This Is Your Brain Off Sleep!

The effects of sleep deprivation have vast implications on psychological, physical and social health, plus occupational well-being and driving safety. Total sleep deprivation (24-plus hours of being awake) can cause significant impairments in attention, memory and mood, with lesser effects on motor skills and complex tasks. The impact of chronic partial sleep loss – what most of us experience on a regular basis – has received far less attention.

Attention is the cognitive ability most easily influenced by sleep deprivation. As the day wears on, deficits in attention increase and your ability to focus on tasks becomes erratic – not good for procrastinating teens who save up homework and test cramming for the last waking minute. Memory behaves in a similar manner, as does the brain's reward system, which controls motivational behaviors like risk-taking and impulsivity. Sleep loss impairs rational decision making when we're challenged with making difficult choices.

A great example of this involves desirable foods and illustrates key connections between the brain and gut. Studies suggest that sleep deprivation is associated with increased hunger and cravings for high-calorie, high-carb foods, such as fast-food and sweets. Lack of sleep increases gherlin, a hunger-controlling hormone, while decreasing leptin, an appetite-suppressing hormone – ultimately leading you to cave and devour the chocolate cake waiting patiently in your refrigerator. Getting regular adequate sleep can get your diet back on track.

One of the most striking cognitive consequences of sleep loss is impaired driving. The 2014 American Automobile Association Traffic Safety Culture Index showed that 96% of drivers considered it unacceptable for someone to drive when they're so exhausted that they have a hard time keeping their eyes open. Yet, a whopping 29% had done just that in the prior 30 days. Another AAA study found a drowsy driver was involved in 13% of non-fatal crashes resulting in hospital admission and 21% of fatal crashes. Most drowsy driving accidents occur between 2 to 6 a.m. and 2 to 4 p.m., as well as after driving continuously for more than two hours. Younger drivers have the greatest risk.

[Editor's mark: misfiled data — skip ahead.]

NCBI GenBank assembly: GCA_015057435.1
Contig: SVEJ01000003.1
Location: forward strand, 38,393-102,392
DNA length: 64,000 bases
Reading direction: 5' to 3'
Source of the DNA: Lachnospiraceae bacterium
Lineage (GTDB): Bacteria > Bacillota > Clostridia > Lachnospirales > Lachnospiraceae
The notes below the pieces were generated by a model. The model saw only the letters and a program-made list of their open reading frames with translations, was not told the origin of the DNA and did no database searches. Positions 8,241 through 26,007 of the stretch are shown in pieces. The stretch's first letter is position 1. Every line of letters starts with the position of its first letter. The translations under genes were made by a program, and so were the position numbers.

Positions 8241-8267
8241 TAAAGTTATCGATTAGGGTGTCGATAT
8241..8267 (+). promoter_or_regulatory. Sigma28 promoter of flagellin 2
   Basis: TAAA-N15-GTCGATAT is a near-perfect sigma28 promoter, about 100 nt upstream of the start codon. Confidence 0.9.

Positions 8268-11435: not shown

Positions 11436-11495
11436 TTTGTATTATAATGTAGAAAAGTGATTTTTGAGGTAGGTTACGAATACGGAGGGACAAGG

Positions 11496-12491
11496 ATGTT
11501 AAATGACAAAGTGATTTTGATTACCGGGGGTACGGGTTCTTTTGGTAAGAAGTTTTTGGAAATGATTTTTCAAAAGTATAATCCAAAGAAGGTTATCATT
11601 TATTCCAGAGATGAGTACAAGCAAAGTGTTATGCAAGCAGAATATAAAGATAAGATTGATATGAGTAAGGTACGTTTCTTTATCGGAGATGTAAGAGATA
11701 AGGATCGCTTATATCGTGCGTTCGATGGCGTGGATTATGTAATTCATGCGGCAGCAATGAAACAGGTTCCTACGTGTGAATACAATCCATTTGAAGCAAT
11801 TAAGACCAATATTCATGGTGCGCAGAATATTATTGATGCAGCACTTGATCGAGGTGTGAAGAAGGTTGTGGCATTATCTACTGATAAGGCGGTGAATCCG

We're finding out more about the neurophysiological underpinnings of impairments in cognition, alertness and mood associated with sleep loss. Sleep deprivation produces changes in brain cells that interrupt communication between other cells in the brain. In the hippocampus, part of the brain that plays a crucial role in memory consolidation, this effect on brain cell synapses damages the transfer of short-term memory into long-term memory. Interestingly, the hippocampus is one of the first structures to become impaired in patients with Alzheimer's disease, the most common cause of dementia. Further, disturbed sleep seems to be a precursor to memory loss in many AD cases. Researchers are now designing studies aimed to address these early sleep disorder symptoms in hopes of preventing dementia.

Sleep is not the idle, death-like state that scientists thought for centuries. Rather, sleep is an active process that restores and revitalizes the brain and body. One of the most fascinating recent illustrations of this was the discovery that beta-amyloid plaque – the toxic substance that accumulates in the brain leading to Alzheimer's disease – and sleep duration in older adults are inversely correlated (less sleep, more plaque). Similarly, in the sleeping brains of mice, metabolic waste products like beta-amyloid are cleared at a faster rate than during wakefulness. Both studies support the notion that the restorative function of sleep may be caused, in part, by the removal of neurotoxins that build up during waking hours, similar to the accumulation of sleep debt that begins from the moment we arise in the morning until we hit the sack at night.

0/Post a Comment/Comments

Previous Post Next Post